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The Evolving Role of the CFO

Beverage World:

By Bill Anderson

Never has there been a time when beverage companies have been in greater need of an outstanding Chief Financial Officer.  Sales across higher-margin products are declining, sales and warehouse operations are in turn being forced to become more efficient and M&A and consolidation activity is likely to increase at the end of this year in many segments of the industry.

The CFO position is rarely and easy hire because CFOs have traditionally fallen into two camps:  1) the strategic CFO who sees the entire playing field, but only occasionally prepares the financial statements, or 2) the traditional bean-counter who is detail-oriented, but unfocused on the big picture.

In today’s beverage world, a new type of CFO who is neither a bean-counter nor an aloof, strategy-only executive is needed.  Today’s CFO must adopt a hybrid leadership style that is inclusive, comprehensive, long-term and transparent.  Given the current economic demands and the rapidly changing competitive landscape, the “new” CFO must be a strong leader who sets the tone for the firm’s culture.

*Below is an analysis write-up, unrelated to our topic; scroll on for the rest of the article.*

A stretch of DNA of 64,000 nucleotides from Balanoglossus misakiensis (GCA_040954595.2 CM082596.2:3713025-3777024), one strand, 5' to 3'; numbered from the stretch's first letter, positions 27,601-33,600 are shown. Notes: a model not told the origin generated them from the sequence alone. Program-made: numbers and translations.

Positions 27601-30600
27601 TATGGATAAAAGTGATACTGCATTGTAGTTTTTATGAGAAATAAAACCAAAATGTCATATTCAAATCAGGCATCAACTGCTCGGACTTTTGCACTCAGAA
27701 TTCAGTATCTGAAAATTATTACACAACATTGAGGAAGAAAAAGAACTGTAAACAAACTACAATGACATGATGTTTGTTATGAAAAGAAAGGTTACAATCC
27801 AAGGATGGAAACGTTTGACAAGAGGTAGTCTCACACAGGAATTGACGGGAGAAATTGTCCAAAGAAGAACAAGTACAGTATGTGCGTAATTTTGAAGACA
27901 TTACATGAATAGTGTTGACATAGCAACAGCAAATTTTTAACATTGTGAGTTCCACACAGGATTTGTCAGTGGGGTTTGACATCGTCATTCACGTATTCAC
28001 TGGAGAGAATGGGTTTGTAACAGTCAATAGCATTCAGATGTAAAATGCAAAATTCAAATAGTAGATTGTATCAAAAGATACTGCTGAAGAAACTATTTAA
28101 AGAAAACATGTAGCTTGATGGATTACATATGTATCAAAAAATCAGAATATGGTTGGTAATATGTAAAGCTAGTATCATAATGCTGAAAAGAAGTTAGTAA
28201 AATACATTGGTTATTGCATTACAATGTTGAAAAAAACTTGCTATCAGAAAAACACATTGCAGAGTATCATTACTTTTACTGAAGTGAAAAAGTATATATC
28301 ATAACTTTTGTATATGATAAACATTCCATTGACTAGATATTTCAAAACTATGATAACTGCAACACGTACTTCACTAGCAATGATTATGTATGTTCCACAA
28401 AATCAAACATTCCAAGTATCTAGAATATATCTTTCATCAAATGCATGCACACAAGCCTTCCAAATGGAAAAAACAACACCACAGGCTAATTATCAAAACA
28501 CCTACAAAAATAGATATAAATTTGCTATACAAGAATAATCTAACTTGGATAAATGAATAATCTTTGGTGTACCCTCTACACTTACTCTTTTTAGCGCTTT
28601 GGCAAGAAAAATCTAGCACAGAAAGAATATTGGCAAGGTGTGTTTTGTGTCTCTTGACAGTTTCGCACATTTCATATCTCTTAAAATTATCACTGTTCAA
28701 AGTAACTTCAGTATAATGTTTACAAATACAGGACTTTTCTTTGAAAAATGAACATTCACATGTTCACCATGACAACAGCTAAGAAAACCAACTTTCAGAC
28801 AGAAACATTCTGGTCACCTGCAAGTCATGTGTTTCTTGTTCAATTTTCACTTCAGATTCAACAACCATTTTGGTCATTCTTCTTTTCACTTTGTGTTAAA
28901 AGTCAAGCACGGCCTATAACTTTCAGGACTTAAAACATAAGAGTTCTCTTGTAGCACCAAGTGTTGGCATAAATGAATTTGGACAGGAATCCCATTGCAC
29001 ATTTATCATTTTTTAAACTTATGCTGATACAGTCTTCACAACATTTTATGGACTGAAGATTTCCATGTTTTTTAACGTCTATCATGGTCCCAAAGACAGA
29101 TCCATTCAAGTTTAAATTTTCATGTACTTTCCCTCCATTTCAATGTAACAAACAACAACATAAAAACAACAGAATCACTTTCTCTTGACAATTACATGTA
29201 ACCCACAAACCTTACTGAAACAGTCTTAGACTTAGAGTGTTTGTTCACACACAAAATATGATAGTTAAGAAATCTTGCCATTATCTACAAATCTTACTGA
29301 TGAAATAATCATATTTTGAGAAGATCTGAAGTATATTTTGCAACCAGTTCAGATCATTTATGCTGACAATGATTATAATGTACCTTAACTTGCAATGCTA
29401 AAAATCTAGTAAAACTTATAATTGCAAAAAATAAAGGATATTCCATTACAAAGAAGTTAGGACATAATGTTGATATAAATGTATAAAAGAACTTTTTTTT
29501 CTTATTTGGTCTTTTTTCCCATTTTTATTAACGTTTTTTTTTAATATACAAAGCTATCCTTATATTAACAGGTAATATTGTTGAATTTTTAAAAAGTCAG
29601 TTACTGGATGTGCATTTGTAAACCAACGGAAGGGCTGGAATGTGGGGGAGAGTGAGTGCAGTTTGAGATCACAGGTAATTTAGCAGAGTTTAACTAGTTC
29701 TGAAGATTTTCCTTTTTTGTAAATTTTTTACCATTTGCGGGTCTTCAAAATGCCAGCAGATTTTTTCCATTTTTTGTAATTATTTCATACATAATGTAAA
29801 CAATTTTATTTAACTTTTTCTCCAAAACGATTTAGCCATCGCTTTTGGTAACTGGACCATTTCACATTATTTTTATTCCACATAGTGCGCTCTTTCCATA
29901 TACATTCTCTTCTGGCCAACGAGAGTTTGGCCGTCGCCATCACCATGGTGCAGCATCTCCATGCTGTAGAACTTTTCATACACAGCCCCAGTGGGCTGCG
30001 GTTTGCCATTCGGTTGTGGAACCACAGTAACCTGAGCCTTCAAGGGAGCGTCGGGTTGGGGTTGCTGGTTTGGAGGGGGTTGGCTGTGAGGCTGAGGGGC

The new CFO must be a strategic and tactical ally and advisor to the CEO.  A recent Wall Street Journal article (Aug. 17, 2009) went so far as to make the case that the CFO should now be considered a “co-leader,” in part because of the economic demands of this downturn but also because the CEO job has become “too large, too complex and too demanding for one person.”

For many CFOs, this change will demand that they step out of their comfort zones.  They will be required to develop new leadership skills, including relationship and team management, effective communication and greater self-awareness.

The next wave of CFOs will need to be more relationship-minded than the CFOs and controllers of the past.  It used to be that just knowing your local banker might be enough.  In today’s tougher financing environment, the CFO who excels will constantly cultivate new financing leads.

One of the benefits of this downturn may be the death of the old bean-counter and the birth of a new leader-CFO.